More remains of Army Sgt. La David Johnson have been recovered at the site where his body was found outside the remote village of Tongo Tongo in Niger, where Johnson and other soldiers were ambushed by as many as 50 Islamist militants five weeks ago, the Pentagon said Tuesday. Johnson, Staff Sgt. Bryan C. Black, Staff Sgt. Jeremiah W. Johnson, Staff Sgt. Dustin M. Wright, and five Nigerien soldiers were killed in the fighting. Johnson's body was found separate from the others two days later, his hands bound and a gaping wound in his head suggesting he had been captured and executed. The Pentagon did not immediately provide details on the remains most recently recovered.
Uber paid off hackers, hid data breach affecting 57 million
Hackers stole the personal data of 50 million Uber customers and 7 million drivers in October 2016, the ride-hailing company announced Tuesday. Uber paid the hackers $100,000 to delete the data, which included names, email addresses, phone numbers, and in the case of some U.S. drivers, driver's license numbers. Uber, which is struggling to repair its image after scandals over its corporate culture, said it didn't believe any of the information had been used by criminals, but this week ousted its chief security officer and one of his deputies for their roles in keeping the incident secret. "None of this should have happened, and I will not make excuses for it," CEO Dara Khosrowshahi said in a statement. "We are changing the way we do business."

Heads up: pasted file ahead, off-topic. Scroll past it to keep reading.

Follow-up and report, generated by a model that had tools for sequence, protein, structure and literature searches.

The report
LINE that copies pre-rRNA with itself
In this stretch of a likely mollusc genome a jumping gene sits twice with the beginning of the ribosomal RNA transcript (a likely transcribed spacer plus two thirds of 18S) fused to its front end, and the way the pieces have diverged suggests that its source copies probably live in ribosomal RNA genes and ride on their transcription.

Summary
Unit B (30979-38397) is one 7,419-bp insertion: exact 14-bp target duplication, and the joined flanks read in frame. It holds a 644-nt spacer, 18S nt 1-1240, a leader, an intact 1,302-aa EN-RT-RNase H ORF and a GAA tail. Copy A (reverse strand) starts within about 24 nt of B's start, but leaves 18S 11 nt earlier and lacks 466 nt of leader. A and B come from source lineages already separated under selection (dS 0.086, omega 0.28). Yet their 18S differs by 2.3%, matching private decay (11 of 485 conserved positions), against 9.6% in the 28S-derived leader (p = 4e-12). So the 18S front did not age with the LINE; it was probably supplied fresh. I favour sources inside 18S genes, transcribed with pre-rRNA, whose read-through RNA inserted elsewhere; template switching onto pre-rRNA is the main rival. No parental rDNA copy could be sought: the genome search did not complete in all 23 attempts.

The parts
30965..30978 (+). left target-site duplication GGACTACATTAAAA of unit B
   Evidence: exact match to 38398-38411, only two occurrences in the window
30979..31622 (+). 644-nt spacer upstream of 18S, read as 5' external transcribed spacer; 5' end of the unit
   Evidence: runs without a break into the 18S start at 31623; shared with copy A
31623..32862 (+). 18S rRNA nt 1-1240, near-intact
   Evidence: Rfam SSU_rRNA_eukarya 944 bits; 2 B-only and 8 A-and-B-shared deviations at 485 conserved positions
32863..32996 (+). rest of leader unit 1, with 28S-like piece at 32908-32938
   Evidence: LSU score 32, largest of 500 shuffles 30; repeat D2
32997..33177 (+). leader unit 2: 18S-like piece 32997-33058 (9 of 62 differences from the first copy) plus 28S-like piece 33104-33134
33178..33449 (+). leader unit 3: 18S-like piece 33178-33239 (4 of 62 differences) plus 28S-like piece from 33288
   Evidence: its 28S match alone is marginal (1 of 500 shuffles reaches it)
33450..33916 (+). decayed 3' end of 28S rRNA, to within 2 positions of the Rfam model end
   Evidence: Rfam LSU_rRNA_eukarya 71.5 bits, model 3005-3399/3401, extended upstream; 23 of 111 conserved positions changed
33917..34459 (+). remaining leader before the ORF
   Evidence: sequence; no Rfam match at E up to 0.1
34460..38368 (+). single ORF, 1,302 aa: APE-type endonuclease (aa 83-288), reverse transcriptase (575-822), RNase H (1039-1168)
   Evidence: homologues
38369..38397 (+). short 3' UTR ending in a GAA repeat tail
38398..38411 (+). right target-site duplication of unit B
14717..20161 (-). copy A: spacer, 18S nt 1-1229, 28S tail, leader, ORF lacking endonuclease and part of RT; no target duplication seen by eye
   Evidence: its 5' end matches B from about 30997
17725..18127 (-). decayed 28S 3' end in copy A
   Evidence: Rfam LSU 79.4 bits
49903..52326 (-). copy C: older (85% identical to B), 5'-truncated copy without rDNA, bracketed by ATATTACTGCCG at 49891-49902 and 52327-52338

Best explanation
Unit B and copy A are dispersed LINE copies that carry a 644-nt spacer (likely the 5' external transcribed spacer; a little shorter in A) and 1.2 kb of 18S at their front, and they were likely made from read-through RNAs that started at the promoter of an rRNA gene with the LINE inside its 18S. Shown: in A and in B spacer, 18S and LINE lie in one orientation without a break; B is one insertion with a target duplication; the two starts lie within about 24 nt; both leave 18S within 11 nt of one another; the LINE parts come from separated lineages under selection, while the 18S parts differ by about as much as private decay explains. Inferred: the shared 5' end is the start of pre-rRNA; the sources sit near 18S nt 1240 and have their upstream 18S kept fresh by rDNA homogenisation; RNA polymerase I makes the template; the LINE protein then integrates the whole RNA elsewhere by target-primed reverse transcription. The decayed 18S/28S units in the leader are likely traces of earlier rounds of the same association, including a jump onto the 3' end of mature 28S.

Former Serb warlord Ratko Mladic found guilty of genocide
An international tribunal at The Hague on Wednesday found Ratko Mladic, the former Serb warlord known as "the Butcher of Bosnia," guilty of genocide and crimes against humanity. Judge Alphons Orie read the verdict after a trial that lasted four years, saying Mladic's crimes while commanding forces that carried out some of the worst atrocities of the Balkan wars "rank among the most heinous known to humankind." Mladic, 74, had been too ill to attend the trial, and he was removed from the courtroom before the verdict was read after shouting insults at the judge. Nearly 600 witnesses testified during the trial, including people who had been held in concentration camps during a military campaign against Bosnian Muslims.
The Partridge Family's David Cassidy dies at 67
David Cassidy, the singer best known for his starring role in the 1970s ABC show The Partridge Family, died Tuesday in a Florida hospital from multiple organ failure. He was 67. Cassidy sang on a string of hits with The Partridge Family, including "I Think I Love You," which hit No. 1 on the Billboard Hot 100 in November 1970, and the show's signature tune "Come On Get Happy." Cassidy also fronted five solo albums, but struggled with personal problems from bankruptcy to substance abuse. He announced in February that he had dementia and would stop performing to "enjoy life," after an incident when he fell on stage and forgot lyrics.